05/15/2010 05:12 am ET Updated May 25, 2011

How We See the Future

"A majority now believes, after the end of the so-called American Century and victory in the Cold War, that the world is looking elsewhere in terms of future success or direction."

The State of the American Dream Survey

You might expect that the American Dream would appear to be in trouble in the midst of the longest recession since the great Depression. However, the first "State of the American Dream Survey" from Xavier University's Institute for Politics and the American Dream indicates the problems perceived by Americans are much deeper than this recession.

To recover the 8.4 million jobs lost so far in this recession would already require creation of 175,000 new jobs every month for 48 consecutive months --- just to get even with December 2007.

The only time in US history when new job creation equaled 175,000 per month was in the 1990s when the Internet was commercialized and the world was first digitized, monies were transferred electronically, all glitz/no substance dot.coms grew like typhoid, cell phone usage and the stock market exploded and real estate blossomed at "Tulip Mania" multiples.

Here's the point amplified by the Dream Survey.

The American people know that there is no new industry or set of industries on the horizon capable of creating 175,000 American jobs per month in the global economy.

This can only come from beyond the horizon --- in currently unknown industries.

Let's face it, 76% of the jobs in America's economy are service jobs. This is the highest such percentage in the developed world. Service jobs are primarily about maintenance, not growth. US tech firms have been moving to emerging markets because they can get the same work at 1/5th the cost.

Technology as we know it cannot save the day, because it relies on newer and cheaper iterations of increasingly mature industries and worn technologies. This may well lead to productivity increases, but that creates profits, not jobs. As legendary Wall Streeter Leon Levy writes, "one point of productivity eliminates about 1.3 million jobs." As a point of context, it took the entire decade of the 1980s to create 1.3 million jobs.

For the first time in 100 years, a majority of Americans doubt that the US will create the future.

75% of us "don't think the rest of the world looks up to America and our society the way it used to. This has nothing to do with the recession but it has a lot to do with doubting the achievement of the dream for next generations.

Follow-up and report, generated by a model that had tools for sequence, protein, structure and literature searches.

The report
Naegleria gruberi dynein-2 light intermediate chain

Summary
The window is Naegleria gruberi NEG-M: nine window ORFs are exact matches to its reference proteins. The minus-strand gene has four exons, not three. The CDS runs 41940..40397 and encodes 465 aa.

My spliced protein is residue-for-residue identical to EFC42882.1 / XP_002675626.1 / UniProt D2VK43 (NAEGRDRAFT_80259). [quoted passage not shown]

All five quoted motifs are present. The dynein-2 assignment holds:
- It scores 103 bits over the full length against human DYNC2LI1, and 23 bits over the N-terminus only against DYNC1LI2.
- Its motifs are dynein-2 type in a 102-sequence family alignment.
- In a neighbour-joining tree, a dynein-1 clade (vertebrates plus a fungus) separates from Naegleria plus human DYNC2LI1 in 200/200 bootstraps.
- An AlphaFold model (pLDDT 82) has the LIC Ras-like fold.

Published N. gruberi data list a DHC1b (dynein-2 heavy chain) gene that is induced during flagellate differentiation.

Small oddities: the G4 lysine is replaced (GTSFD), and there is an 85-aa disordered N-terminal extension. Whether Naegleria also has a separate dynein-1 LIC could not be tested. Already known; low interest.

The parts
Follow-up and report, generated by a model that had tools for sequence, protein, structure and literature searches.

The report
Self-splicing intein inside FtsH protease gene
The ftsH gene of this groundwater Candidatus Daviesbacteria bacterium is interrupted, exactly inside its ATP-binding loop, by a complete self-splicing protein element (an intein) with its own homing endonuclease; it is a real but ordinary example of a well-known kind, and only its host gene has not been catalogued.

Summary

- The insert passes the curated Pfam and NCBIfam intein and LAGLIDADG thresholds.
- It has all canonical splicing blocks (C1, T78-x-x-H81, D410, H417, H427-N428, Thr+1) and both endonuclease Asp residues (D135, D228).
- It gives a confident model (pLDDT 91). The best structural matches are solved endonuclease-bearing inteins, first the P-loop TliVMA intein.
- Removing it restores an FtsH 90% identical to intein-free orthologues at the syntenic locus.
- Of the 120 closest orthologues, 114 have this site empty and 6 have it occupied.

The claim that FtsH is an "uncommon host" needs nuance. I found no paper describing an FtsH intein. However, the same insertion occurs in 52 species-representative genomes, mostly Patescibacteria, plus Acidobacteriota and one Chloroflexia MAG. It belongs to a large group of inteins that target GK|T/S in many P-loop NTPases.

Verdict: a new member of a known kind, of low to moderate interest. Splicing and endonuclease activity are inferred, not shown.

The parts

Americans have not lost confidence in themselves. Nearly two-thirds still see themselves as achieving the Dream. It's their kids and grandkids they're worried about.

But they have lost confidence and have little faith in the stable of leaders in the political and corporate world. There is no political advantage here for anyone. Americans know that the structural changes in this global economy give no credit for past performances.

Perhaps we are inured to the "legacy problem." America's traditional confidence that each generation's lot will improve over the last has eroded, and we seem to be getting used to it.

What will happen? What can happen is what happened in 1961 when the US emerged from the brink of nuclear war with the Soviet Union; when the Cold War peaked. It was the year when the Berlin Wall was constructed. Tension between the US and Soviet Russia was the central global fact.

Also in 1961, Soviet Premier Khrushchev promised at the 22nd Communist Party Congress that within 20 years the Soviets would outproduce America in all of the major industrial sectors -- coal, steel, cement, fertilizer, tractors etc.

And they did too.

This would have been a major achievement if it had been 1951 and not 1981. The US had moved on with an explosion of imagination and invention, and created a new technological world to which the rest of the world had to conform.

The American people want to believe that we still possess the daring-do leadership and burning inventiveness to do it again -- but they doubt it right now. Who could blame them when we look around at political warriors engaged in Pyrrhic warfare and timid corporate leaders concerned for the next quarter not the next decade.

Inventing the future is the dream's signature because that is what freedom and opportunity uniquely allow -- but cannot guarantee.

This article posted originally at